Criminal Legal Aid Transfer Delayed

The transfer of responsibility for the administration of criminal legal aid to the Legal Aid Board has been delayed. The transfer of criminal legal aid from the courts service to the legal aid board is unlikely to affect access to criminal legal aid solicitors and criminal legal aid barristers. It is likely that oversight of income declarations may be strengthened. The transfer was due to take place this year but it is now thought that it will not happen until next year. Criminal legal aid is available to those on a low income and facing sufficiently serious charges in a criminal trial.

Damache Case Update

In relation to the recent blog regarding the Damache v DPP [2012] decision and search warrants, as expected the effect on already decided cases will likely be minimal.

In DPP v Thomas Hughes [2012] (7 July 2012) a convicted person challenged his conviction on the basis that evidence used to convict him had been obtained under legislation which had subsequently been found unconstitutional in the Damache case.

The Court of Criminal Appeal rejected the applicant's appeal on the basis (amongst other reasons) that he had pleaded guilty during his trial. The State did not have to rely on the evidence which it had obtained by the means which were subsequently found unconstitutional.

This is in line with previous decisions such as the high profile decision of C.C. v Ireland [2006] where a convicted person sought to have the decision overturned following a subsequent finding that the legislation outlining the offence was inconsistent with the Constitution. The court found that as the accused had not sought to challenge the provision in his previous trial he was not entitled to rely on it at a later stage

Unconstitutional Search Warrant Leads to Quashed Conviction

A recent decision of the Supreme Court regarding certain search warrants has forced the government to introduce new legislation.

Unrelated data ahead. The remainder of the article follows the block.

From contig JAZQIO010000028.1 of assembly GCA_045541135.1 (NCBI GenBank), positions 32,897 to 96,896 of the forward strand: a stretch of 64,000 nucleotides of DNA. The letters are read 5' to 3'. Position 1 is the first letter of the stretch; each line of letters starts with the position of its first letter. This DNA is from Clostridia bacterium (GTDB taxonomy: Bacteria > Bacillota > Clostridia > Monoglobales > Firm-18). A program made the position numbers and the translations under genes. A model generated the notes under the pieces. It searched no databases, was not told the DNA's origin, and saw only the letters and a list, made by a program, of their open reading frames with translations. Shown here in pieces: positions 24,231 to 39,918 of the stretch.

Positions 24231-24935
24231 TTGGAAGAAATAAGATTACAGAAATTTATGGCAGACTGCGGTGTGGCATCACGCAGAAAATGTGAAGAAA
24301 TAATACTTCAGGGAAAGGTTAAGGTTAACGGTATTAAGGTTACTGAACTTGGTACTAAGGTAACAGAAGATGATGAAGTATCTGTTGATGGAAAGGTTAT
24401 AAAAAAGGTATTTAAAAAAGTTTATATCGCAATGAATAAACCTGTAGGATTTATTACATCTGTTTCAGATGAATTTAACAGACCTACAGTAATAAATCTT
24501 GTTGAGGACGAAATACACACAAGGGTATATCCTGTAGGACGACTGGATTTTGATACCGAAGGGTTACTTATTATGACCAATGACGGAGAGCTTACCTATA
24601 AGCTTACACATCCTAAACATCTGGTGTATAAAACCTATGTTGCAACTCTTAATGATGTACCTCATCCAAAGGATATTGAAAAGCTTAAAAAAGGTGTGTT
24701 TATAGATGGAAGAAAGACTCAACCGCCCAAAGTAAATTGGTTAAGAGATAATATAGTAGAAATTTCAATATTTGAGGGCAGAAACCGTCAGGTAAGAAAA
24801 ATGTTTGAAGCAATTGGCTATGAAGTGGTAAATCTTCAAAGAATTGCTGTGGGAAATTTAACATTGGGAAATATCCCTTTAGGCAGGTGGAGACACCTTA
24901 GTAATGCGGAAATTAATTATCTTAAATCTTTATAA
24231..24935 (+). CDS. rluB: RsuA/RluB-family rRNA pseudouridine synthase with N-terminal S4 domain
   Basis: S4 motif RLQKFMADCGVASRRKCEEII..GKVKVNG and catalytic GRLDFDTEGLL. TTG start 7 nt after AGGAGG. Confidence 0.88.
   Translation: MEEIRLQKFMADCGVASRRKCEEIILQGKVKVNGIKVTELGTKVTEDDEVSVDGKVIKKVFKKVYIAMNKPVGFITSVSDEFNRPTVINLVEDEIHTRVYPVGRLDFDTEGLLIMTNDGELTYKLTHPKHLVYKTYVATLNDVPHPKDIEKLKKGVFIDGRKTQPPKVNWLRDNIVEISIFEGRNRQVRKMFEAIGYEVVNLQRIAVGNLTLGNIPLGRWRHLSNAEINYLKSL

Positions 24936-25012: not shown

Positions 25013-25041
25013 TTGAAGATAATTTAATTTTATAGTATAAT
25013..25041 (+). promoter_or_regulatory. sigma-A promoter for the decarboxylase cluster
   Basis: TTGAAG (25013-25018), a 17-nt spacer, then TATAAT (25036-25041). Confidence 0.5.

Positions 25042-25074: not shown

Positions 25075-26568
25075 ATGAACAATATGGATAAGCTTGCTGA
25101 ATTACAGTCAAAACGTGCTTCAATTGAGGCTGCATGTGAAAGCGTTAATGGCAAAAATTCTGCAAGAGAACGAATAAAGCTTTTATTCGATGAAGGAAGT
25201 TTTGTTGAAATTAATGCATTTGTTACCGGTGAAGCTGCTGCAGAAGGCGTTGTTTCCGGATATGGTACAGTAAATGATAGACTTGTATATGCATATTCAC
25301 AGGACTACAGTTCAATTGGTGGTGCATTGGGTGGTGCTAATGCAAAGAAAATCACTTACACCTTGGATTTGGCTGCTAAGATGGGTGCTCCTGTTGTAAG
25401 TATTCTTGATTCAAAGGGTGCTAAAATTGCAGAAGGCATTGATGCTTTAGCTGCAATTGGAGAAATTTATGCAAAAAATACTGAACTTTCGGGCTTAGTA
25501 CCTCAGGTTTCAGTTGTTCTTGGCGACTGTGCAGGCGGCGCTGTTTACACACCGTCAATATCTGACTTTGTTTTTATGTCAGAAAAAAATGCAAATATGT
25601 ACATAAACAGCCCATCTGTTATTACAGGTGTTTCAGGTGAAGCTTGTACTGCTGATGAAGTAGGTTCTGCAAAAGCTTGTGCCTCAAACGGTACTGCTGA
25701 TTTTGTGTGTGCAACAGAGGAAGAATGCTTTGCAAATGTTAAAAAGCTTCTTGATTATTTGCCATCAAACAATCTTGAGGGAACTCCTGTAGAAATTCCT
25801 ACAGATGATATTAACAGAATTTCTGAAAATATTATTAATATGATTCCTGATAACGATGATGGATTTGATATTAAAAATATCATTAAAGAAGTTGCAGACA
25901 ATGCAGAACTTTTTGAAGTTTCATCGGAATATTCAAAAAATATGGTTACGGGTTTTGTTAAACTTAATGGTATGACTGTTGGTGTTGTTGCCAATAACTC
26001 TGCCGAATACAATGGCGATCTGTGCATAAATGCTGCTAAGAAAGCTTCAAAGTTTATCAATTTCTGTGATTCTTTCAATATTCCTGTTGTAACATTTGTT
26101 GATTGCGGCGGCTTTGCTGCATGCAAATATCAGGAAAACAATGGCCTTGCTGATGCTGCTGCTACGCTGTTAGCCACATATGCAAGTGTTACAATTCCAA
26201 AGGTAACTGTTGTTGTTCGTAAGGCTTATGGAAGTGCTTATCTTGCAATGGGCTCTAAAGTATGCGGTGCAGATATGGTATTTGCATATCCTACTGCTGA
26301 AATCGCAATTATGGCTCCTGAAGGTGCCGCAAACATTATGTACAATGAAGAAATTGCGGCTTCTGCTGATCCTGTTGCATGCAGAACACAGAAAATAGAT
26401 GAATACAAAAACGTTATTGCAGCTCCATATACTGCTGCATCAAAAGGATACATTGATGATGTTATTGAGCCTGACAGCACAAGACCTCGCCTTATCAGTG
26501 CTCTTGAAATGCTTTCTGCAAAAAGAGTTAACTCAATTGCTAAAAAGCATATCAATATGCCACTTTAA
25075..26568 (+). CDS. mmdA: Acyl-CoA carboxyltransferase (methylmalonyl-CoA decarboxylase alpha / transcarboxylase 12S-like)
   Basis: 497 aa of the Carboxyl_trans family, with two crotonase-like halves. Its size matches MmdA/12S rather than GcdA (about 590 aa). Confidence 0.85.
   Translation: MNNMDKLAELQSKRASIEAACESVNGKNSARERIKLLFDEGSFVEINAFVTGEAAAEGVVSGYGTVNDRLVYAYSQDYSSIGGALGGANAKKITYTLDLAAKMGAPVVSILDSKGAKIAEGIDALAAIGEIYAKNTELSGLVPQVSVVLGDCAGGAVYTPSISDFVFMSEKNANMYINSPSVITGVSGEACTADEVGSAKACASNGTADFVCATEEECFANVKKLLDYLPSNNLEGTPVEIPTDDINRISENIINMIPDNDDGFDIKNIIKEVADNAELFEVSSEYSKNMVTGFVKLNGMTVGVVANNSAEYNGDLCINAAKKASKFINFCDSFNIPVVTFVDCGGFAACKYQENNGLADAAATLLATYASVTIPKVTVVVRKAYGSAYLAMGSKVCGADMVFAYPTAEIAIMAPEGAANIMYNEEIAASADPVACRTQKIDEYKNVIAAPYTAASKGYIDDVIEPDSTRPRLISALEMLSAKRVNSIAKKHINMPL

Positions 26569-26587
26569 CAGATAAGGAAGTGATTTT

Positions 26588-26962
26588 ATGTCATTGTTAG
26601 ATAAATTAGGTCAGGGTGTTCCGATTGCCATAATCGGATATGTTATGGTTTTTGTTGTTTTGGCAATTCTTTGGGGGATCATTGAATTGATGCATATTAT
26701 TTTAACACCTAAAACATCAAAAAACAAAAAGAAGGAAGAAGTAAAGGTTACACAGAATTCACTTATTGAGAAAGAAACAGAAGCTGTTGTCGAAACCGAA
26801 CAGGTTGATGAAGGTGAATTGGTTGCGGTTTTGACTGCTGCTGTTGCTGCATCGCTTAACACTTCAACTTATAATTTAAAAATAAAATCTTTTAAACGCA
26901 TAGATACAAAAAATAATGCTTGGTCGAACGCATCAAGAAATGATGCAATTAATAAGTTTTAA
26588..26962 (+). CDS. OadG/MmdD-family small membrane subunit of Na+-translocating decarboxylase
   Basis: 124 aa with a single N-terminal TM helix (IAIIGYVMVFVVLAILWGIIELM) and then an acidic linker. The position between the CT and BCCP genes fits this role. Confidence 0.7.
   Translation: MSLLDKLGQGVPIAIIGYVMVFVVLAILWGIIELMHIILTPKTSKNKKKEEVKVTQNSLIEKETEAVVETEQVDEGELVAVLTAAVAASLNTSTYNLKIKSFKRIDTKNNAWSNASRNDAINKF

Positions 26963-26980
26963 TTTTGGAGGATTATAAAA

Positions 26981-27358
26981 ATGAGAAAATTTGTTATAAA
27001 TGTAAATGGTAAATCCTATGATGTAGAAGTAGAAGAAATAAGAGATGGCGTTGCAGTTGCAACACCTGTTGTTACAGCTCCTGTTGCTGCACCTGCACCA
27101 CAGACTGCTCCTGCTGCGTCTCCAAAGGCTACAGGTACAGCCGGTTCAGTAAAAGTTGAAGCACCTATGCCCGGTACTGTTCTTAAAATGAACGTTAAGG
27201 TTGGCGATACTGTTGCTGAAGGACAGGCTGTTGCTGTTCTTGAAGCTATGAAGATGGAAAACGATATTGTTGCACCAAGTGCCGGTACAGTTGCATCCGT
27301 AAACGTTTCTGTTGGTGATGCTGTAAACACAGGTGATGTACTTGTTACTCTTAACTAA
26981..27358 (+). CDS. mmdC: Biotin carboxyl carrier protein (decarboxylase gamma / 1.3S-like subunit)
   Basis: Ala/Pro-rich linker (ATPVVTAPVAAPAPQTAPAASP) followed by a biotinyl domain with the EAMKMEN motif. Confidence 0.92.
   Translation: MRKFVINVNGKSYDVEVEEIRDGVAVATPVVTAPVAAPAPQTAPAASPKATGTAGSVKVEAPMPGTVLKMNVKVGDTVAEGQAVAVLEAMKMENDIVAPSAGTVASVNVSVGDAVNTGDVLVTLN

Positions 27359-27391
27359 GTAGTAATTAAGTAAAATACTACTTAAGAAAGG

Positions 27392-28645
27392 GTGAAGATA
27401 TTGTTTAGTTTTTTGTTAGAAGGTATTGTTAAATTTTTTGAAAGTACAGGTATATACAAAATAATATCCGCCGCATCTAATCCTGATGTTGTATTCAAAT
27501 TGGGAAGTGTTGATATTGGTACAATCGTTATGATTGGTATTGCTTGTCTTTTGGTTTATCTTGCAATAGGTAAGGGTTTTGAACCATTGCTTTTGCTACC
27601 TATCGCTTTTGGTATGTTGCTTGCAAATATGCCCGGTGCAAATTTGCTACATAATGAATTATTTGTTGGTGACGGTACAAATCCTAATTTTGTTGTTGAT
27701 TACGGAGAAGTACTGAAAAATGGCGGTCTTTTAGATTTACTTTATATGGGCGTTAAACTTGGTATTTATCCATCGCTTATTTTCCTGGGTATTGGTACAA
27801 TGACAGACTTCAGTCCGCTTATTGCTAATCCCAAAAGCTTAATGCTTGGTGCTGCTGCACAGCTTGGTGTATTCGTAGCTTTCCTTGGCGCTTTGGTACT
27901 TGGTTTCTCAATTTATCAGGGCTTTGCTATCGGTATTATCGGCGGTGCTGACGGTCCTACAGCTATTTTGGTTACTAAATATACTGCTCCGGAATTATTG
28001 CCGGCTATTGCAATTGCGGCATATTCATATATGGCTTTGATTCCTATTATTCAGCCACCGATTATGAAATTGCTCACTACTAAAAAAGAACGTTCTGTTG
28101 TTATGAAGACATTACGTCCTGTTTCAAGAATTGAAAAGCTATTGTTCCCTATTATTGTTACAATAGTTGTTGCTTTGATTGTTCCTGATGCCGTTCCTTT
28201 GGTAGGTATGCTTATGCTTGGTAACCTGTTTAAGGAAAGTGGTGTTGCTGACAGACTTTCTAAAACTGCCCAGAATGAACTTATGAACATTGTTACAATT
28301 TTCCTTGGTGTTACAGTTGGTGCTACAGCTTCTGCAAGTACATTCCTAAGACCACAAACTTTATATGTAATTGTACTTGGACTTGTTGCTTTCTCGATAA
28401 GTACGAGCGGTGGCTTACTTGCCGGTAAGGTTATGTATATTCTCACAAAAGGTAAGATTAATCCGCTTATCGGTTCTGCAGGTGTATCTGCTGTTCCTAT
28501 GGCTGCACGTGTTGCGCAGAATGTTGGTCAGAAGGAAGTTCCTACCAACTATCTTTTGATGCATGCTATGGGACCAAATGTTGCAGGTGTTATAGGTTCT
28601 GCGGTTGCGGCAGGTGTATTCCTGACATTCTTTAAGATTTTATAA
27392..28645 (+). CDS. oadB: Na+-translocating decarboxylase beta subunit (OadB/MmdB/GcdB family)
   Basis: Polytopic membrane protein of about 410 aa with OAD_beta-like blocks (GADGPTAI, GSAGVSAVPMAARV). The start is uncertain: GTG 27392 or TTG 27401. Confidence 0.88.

At issue was the constitutional protection afforded to the citizen's home under Article 40.5 of the Constitution. Article 40.5 states that: "The dwelling of every citizen is inviolable and shall not be forcibly entered save in accordance with the law.". The Supreme Court found that the legislation which allowed a Garda Superintendent to issue a search warrant under s.29 of the Offences Against the State Act 1939 was unconstitutional.

The Court stated that a high standard of independence was required of the person issuing a warrant to search a person's home. In the case of a member of An Garda Síochána issuing a warrant, this independence may not be guaranteed in some circumstances, for example where a person who issues the search warrant is conducting the same criminal investigation.

In this particular case, the Superintendent in charge of the investigation issued a warrant to search the home of a suspect. The Court held that at the Garda investigating the matter was not sufficiently independent to issue such a warrant. The proper person to issue the warrant was a person independent of the investigation authority, a district Court Judge for example.

The decision may have important implications for several cases currently before the courts where the same type of search warrant was issued and evidence was gathered during that search. Where criminal cases are fully concluded, it is likely that this decision will only be relevant where the convicted person challenged the search warrant during the original proceedings.

Unconstitutional Search Warrant Leads to Quashed Conviction

A recent decision of the Supreme Court regarding certain search warrants has forced the government to introduce new legislation.

At issue was the constitutional protection afforded to the citizen's home under Article 40.5 of the Constitution. Article 40.5 states that: "The dwelling of every citizen is inviolable and shall not be forcibly entered save in accordance with the law.". The Supreme Court found that the legislation which allowed a Garda Superintendent to issue a search warrant under s.29 of the Offences Against the State Act 1939 was unconstitutional.

The Court stated that a high standard of independence was required of the person issuing a warrant to search a person's home. In the case of a member of An Garda Síochána issuing a warrant, this independence may not be guaranteed in some circumstances, for example where a person who issues the search warrant is conducting the same criminal investigation.

In this particular case, the Superintendent in charge of the investigation issued a warrant to search the home of a suspect. The Court held that at the Garda investigating the matter was not sufficiently independent to issue such a warrant. The proper person to issue the warrant was a person independent of the investigation authority, a district Court Judge for example.

The decision may have important implications for several cases currently before the courts where the same type of search warrant was issued and evidence was gathered during that search. Where criminal cases are fully concluded, it is likely that this decision will only be relevant where the convicted person challenged the search warrant during the original proceedings.